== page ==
3 Things to Discuss with Your Partner before Wedding Ring Shopping 

Catalyst Wedding Co. may receive compensation or products from companies linked to or mentioned in this article. This helps support our site.

For many people the wedding ring is the first piece of fine jewelry (or even jewelry at all) that they will wear. It’s something you are going to wear every single day, so you want it to be perfect, right? This expectation can make shopping for a wedding ring feel like a very daunting task. Where do you even start? Well, like most things in a relationship, the best place to start is by having a conversation with your partner. As a jeweler who is regularly meeting with couples who are ring shopping I’ve found there are three key things to talk over before you start looking. 

1. How important is matching to you? 

This is a really important issue to talk over with your partner. It’s good to know where you both stand on this. Some couples want their rings to completely match, others don’t care if they match at all, and still others try and find a common element (like style or metal). This is totally up to you. There is no right or wrong approach. 

Having rings that totally match (style, metal, finish, etc.) is a much trickier thing to figure out and requires making a lot more compromises. Keep in mind, if you go this route, it may mean not getting your ideal ring. So if one of you feels strongly that the rings need to match, you’ll want to have a conversation to figure out what you think the most important aspects of your wedding ring will be (for example metal color, texture or no texture, classic or modern, etc.). That way you’ll be prepared and know where you’ll need to make concessions.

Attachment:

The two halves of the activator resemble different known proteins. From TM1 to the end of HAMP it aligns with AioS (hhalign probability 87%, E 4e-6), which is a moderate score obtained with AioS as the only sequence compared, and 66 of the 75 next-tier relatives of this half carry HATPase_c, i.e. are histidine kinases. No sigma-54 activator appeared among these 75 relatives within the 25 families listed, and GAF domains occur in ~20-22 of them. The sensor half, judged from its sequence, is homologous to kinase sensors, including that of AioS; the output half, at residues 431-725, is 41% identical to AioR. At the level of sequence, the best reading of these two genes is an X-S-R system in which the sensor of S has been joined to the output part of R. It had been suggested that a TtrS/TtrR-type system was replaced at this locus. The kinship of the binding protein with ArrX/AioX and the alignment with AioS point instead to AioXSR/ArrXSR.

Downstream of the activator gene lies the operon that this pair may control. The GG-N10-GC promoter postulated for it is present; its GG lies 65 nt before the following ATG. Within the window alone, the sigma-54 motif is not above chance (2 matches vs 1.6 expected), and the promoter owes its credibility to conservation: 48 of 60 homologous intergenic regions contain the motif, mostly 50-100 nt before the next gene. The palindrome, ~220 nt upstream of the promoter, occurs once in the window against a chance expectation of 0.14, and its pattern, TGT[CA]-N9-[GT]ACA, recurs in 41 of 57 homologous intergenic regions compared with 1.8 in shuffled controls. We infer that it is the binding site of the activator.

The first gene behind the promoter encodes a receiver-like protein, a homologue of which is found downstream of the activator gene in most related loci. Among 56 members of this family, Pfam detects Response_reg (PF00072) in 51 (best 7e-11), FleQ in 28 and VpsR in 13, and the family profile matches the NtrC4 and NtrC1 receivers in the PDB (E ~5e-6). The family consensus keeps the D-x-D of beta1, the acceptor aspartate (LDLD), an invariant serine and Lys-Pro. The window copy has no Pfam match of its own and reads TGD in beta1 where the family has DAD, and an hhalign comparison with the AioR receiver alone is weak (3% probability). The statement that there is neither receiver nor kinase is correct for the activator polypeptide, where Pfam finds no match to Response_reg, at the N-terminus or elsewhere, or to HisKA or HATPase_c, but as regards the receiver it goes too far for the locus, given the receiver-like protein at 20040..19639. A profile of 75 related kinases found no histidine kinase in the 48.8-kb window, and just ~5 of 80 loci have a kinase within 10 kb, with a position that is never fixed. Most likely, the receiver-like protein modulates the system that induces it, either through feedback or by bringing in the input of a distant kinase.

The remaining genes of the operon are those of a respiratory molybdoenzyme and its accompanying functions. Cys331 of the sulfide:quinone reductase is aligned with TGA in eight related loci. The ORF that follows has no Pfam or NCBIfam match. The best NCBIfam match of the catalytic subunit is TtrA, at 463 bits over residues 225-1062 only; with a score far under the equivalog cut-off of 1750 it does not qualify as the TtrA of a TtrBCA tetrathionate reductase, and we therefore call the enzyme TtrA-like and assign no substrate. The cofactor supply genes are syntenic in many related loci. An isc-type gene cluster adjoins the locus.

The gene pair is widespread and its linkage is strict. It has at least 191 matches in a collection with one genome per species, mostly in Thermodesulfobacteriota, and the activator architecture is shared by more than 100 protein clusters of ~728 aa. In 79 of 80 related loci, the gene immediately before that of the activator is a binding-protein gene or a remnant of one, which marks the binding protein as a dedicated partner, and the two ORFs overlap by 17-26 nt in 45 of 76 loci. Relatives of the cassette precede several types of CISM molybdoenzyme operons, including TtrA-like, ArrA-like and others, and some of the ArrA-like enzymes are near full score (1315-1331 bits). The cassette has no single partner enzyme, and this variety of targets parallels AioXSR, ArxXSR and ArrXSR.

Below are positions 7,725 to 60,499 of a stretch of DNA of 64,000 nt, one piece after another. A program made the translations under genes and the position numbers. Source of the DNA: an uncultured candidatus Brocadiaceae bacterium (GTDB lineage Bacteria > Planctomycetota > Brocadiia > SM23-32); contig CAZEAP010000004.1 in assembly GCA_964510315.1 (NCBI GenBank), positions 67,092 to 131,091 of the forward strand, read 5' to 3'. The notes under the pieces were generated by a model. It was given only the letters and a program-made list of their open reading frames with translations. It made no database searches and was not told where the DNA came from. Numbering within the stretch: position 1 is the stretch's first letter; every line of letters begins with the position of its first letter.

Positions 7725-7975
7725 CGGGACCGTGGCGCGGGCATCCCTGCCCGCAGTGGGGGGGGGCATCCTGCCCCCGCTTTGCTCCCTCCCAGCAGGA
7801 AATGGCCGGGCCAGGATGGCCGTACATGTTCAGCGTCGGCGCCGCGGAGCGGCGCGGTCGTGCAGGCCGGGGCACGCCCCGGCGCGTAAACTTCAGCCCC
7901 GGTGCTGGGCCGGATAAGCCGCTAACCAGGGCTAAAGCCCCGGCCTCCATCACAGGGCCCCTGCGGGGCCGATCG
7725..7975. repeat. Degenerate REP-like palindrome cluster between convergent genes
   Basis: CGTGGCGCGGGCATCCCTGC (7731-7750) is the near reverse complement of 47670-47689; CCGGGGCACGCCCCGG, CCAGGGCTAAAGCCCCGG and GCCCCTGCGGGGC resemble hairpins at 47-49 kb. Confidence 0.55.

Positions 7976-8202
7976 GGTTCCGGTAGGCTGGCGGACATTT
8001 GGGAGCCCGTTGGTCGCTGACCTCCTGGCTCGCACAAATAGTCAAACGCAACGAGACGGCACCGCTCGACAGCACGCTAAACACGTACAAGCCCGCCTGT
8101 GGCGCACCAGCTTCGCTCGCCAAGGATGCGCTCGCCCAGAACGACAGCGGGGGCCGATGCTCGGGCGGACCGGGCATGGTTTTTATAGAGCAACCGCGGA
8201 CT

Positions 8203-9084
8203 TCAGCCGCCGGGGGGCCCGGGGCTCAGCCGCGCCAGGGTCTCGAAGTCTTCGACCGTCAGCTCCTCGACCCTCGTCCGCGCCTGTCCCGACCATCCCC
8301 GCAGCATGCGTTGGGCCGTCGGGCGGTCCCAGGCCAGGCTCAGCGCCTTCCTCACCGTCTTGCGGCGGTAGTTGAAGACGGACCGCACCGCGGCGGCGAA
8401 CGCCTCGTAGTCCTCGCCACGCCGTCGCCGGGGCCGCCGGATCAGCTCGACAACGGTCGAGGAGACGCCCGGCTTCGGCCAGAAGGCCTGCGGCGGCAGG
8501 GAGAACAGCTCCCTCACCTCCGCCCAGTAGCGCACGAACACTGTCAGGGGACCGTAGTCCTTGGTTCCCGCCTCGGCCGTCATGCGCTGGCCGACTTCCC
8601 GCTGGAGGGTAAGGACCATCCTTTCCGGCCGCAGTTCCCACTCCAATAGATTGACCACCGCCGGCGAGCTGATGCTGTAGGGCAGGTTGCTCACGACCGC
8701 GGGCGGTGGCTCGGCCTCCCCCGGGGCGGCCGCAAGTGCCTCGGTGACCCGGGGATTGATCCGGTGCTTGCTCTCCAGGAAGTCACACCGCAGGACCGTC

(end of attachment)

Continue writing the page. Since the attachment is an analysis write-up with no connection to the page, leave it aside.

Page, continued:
In my experience, having a goal of one matching component (like they are the same metal) is an easier method than totally matching. That way each person gets a ring that they love. Also, having a shared element and a different element is so symbolic of two unique people coming together. Sometimes you’ll surprise yourselves. I’ve met with couples that decided to go that direction, but ended up falling in love with matching rings. 

2. Do you want a handmade ring or a mass produced one? 

With a handmade ring you are usually able to get something that is more customized. Many designers create bespoke rings that are made to order just for you. Some designers are open to tweaking aspects of the design further for something a bit more customized. Select jewelers will work with you to create a one-of-a-kind custom ring. Be aware that generally the more customizing you do, the longer the lead-time and the more expensive the ring becomes. 

Going the handmade route is also more sustainable. Small handmade businesses will have a smaller environmental footprint than large manufacturers. You’re also supporting a local economy and helping keep artisan skills alive. Not to mention that a handmade ring is unique. No two handmade rings will be exactly alike, and a handmade ring is imbued with love and attention from the beginning. 

The advantages of buying a mass produced ring are that they will typically be less expensive than a handmade one, and since they aren’t custom made, they usually have a shorter lead-time and more lenient return policies.